Eliza Morris is frugal.
Eliza Morris is frugal. Rob Williams

How this super saver feeds her family for $50 a week

FIRST home owner Eliza Morris reckons the frugal life chose her.

She's a savvy shopper and started saving money for a house deposit about five years ago.

Now she's put all her best tips into a new blog called The Frugal Life Chose Me.

Her blog's introduction reads:

"Welcome to my blog on being a frugal AF person. Some people roll their eyes at my eagerness for a bargain, but I just can't shake that thrill of saving money; especially on food!"

Ms Morris uses a budgeting service, which means they take her money and she gets a small amount to spend each week.

With just $50 a week for food she feeds two people gourmet items like lamb back-straps, chicken bacon and mushroom pasta, spicy vegetarian curry and fish.

There's other staples like budget friendly bolognese on the menu.

Breakfast includes Burgen grain toast and cereal, while lunch is often leftovers.

"I don't buy meat unless it's reduced to clear," she told the QT.

Ms Morris said she even goes so far as to check the dates on meat she likes and then goes back to the store close to their use by to get a reduction.

"It's 70-90 per cent off and if you freeze it, its fine as long as you defrost it properly in the fridge."

She also makes a list of meals to cook for the week, using pantry staples. And she portions out lunch when dishing up dinner.

"I have a huge selection of herbs and spices and don't buy pre-packed."

Instead to save money Ms Morris cooks everything from scratch.

"Crumbed chicken is so much more than regular chicken breast and it's so easy to crumb chicken.

"Curry is really easy to make, you just need the spices on hand, it's a fraction of the price.

"I buy only what I need on the list and keep the freezer full."

Her tip for high quality mince is to buy it at Costco in bulk.

"I don't like cheap mince."

Instead of forking out up to $15 a kilo at some supermarket chains for premium mince you can get it for $8.99 a kilo at Costco.

You have to buy a bulk amount but Ms Morris breaks it down into 500g lots and freezes them up.

"It's a fallacy that pre-made chips are cheaper than fruit and veg. It's not, a bag of apples can cost less than a bag of chips."

She owns a new home in Ripley's Providence estate and is paying it off with one income.

"My partner is an international student and can only work up to 20 hours a week.

"It limits the budget."

The budget includes $40 a week for fuel, $25 for clothing and $25 to spend on entertainment and eating out.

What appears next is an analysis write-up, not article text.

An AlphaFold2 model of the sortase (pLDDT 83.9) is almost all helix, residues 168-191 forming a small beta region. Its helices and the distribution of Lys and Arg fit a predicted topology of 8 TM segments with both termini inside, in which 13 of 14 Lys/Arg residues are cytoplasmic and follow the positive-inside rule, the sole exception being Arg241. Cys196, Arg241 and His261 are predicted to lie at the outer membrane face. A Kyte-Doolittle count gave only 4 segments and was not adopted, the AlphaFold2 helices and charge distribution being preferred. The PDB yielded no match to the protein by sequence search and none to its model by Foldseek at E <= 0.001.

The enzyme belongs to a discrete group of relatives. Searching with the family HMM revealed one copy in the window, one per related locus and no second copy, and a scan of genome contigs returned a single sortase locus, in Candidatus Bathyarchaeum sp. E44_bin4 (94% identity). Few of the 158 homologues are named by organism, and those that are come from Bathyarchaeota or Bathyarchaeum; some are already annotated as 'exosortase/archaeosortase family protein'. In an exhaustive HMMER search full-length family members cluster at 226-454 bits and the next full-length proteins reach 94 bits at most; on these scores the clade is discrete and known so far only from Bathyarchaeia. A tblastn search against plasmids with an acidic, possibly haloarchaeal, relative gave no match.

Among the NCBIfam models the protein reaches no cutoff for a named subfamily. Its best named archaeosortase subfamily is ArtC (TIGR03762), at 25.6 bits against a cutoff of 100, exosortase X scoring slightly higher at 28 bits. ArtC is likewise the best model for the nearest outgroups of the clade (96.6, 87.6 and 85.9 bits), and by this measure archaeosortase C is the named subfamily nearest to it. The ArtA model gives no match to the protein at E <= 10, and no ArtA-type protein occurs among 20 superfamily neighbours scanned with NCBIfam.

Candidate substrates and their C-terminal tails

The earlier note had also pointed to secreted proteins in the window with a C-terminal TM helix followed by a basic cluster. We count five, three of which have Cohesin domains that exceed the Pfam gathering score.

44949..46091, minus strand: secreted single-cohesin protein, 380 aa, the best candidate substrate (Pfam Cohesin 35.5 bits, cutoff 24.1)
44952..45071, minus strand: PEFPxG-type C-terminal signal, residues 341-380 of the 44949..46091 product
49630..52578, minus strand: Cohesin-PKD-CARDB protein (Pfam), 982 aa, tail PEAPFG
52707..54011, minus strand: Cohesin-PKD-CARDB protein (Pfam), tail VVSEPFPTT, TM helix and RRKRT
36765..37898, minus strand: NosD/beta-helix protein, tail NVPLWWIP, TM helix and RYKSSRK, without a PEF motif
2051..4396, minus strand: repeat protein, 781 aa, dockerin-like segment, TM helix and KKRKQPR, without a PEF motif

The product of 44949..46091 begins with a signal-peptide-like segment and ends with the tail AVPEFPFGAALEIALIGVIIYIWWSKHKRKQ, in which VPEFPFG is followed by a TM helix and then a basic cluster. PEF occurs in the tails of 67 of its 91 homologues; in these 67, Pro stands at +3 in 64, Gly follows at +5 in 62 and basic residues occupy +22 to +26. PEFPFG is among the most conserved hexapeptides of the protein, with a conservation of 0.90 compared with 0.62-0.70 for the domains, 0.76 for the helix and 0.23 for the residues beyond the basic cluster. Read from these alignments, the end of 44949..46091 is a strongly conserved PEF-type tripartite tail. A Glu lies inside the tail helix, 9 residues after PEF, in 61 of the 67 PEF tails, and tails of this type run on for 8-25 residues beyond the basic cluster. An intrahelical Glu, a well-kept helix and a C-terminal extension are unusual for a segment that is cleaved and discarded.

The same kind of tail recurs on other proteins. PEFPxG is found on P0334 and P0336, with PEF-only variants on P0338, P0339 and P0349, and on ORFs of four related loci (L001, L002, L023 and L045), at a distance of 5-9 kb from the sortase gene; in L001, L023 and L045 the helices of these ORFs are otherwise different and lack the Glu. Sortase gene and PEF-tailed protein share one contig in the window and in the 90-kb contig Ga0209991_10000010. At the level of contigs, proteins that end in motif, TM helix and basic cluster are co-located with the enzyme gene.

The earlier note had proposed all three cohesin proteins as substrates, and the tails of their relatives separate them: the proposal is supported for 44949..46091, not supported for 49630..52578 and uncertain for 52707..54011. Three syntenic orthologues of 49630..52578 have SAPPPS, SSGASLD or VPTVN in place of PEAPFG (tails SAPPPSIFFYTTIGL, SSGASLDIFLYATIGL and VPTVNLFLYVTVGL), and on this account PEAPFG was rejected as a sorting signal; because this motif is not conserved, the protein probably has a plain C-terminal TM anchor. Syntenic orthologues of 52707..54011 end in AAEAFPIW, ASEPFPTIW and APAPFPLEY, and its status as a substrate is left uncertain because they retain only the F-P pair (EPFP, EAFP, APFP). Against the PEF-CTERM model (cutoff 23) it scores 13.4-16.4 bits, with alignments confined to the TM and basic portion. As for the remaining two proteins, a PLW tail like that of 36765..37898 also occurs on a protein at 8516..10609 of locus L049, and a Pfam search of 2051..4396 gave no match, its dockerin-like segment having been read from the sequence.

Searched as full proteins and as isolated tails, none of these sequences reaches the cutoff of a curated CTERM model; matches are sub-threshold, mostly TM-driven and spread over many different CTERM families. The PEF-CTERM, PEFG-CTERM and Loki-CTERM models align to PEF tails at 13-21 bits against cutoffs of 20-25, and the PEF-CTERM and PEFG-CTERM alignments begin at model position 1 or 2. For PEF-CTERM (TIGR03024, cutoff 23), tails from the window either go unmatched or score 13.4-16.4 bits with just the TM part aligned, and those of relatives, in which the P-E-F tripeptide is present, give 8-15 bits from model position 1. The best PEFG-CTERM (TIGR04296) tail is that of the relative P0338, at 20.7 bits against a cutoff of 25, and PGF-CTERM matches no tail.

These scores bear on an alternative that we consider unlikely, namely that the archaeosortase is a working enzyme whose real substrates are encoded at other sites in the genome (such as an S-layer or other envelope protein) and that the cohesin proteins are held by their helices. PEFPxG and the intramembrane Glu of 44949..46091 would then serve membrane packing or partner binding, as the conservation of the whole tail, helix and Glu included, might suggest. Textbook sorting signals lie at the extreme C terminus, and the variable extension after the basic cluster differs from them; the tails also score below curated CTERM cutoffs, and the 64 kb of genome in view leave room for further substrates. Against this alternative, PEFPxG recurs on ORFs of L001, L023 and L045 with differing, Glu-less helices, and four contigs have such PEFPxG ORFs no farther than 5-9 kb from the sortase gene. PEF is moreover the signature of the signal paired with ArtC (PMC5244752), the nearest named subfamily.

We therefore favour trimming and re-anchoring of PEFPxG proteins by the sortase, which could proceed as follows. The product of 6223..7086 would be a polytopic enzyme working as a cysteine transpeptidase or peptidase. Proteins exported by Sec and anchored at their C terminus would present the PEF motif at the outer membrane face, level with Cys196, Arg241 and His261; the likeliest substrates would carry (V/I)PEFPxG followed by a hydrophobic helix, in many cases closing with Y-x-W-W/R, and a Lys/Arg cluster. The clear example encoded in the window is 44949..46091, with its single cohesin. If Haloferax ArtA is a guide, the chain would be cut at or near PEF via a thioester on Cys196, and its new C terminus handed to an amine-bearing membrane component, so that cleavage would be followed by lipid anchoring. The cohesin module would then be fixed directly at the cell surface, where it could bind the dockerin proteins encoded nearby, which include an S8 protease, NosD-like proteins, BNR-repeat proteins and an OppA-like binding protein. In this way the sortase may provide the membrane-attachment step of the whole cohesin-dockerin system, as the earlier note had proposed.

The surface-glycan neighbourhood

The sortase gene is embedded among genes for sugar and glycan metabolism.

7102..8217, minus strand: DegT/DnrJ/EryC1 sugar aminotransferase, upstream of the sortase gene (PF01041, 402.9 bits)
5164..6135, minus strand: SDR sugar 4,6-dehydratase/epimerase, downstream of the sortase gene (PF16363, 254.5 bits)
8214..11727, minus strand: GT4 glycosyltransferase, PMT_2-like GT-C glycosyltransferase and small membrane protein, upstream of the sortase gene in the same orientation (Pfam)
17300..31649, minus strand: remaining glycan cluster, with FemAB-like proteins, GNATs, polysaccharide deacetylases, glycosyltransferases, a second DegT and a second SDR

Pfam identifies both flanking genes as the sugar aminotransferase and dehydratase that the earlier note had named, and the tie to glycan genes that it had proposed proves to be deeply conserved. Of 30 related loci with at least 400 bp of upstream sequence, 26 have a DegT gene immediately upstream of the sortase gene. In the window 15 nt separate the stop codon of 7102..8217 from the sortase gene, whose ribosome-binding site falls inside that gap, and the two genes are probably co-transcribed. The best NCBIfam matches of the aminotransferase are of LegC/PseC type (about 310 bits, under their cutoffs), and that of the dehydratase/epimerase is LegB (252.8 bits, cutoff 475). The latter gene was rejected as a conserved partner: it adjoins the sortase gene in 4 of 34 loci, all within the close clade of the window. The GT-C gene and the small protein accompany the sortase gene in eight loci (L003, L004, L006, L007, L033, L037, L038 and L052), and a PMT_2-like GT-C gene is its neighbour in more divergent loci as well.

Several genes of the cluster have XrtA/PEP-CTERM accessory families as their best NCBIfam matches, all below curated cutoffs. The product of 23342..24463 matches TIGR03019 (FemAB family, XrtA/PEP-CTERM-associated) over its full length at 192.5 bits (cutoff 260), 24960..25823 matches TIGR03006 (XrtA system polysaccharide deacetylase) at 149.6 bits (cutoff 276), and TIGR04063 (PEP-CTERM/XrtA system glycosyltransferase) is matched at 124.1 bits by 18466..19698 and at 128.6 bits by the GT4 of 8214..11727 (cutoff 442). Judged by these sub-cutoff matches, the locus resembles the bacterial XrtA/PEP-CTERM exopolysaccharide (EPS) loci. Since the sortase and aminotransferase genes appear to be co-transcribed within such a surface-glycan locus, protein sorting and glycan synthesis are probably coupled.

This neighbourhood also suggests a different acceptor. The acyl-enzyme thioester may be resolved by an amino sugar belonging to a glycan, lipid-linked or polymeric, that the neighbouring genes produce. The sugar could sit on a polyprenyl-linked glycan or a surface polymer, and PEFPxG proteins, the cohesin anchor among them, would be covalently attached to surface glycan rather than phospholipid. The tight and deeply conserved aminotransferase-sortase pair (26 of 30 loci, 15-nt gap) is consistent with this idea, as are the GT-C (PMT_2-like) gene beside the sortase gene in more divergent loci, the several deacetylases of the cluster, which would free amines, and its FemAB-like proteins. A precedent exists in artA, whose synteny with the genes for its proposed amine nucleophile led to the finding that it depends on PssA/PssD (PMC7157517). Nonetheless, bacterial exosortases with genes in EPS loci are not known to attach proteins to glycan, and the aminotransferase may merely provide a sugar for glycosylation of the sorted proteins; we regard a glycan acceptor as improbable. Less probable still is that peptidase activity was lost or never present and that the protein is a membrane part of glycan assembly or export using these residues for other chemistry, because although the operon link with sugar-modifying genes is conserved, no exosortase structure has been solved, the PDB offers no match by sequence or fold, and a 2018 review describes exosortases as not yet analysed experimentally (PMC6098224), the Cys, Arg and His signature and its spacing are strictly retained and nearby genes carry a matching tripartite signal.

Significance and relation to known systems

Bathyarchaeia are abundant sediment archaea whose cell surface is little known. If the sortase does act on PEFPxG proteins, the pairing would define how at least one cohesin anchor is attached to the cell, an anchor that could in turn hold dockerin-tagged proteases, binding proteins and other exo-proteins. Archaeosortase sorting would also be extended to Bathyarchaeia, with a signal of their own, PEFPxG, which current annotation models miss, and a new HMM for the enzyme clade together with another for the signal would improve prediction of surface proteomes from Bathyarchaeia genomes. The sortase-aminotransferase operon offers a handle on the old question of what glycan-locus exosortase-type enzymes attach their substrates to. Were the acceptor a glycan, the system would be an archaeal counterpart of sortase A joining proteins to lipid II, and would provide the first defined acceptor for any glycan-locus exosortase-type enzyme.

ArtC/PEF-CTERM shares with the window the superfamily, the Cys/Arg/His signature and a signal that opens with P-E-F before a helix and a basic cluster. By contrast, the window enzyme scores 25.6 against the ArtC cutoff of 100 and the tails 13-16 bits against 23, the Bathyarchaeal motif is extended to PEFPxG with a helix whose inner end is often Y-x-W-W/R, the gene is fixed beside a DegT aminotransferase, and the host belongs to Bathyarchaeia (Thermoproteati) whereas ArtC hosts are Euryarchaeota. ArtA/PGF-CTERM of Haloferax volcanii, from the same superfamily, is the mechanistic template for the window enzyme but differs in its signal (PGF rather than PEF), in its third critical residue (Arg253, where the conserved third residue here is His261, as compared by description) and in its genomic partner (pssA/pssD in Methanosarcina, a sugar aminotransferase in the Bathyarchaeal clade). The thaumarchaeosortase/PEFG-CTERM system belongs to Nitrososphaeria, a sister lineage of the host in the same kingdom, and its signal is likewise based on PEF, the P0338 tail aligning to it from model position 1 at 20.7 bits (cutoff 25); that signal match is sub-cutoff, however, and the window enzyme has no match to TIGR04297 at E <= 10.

Some goes to pets and medication and the rest bills, home loan and savings.

To save money she buys clothes from the Op shop, uses vouchers and does a lot of free activities.

She's found places where you can get a decent meal on the cheap.

Ms Morris said Sushi Train and Ramen were her picks.

"I find a lot of freedom in it (being frugal)," she said.

"I'm getting all my bills paid off."

New clothes

To save money on clothes Ms Morris frequents her local Op shop.

"I'm a big Op shopper.

"I was losing a lot of weight and didn't want to spend lots on something that wouldn't fit for long.

"I'm a little obsessed with looking up what they would have cost."

She has picked up Jacqui E, Basque and other fashion label dresses for a small price.

One well-made dress which was $20, cost $260 originally. She bagged a dress for $12 which would have been $160, another she paid $15 for cost $150 new.

The best Op shop, she said, was Raceview Lifeline. Another spot is Springfield Vinnies - there she has purchased leather shoes for $8 that retailed at $110 new.


It is possible to have a holiday while on a tight budget.

Ms Morris recently went to Sydney with her partner.

She got flights for $110 return, spent $900 on accommodation and had $800 spending money for food, transfers and attractions.

The seven night holiday was possible with some research.

Ms Morris visited Madame Tussauds, the aquarium and Taronga Zoo with a ticket bundle through her Union Shopper membership.

"I googled everything that was for free. We took a bus to Bondi, visited Manly, the Botanic Gardens and Hyde Park.


Ms Morris said when she looked up ideas on how to be frugal she could only find sites telling her what not to do.

"I still get my nails done and buy coffee. I wanted to give people ideas on how to save."

For her tips on how to buy the best Op shop clothes and other tips on being frugal see her blog at frugallife645343050.wordpress.com/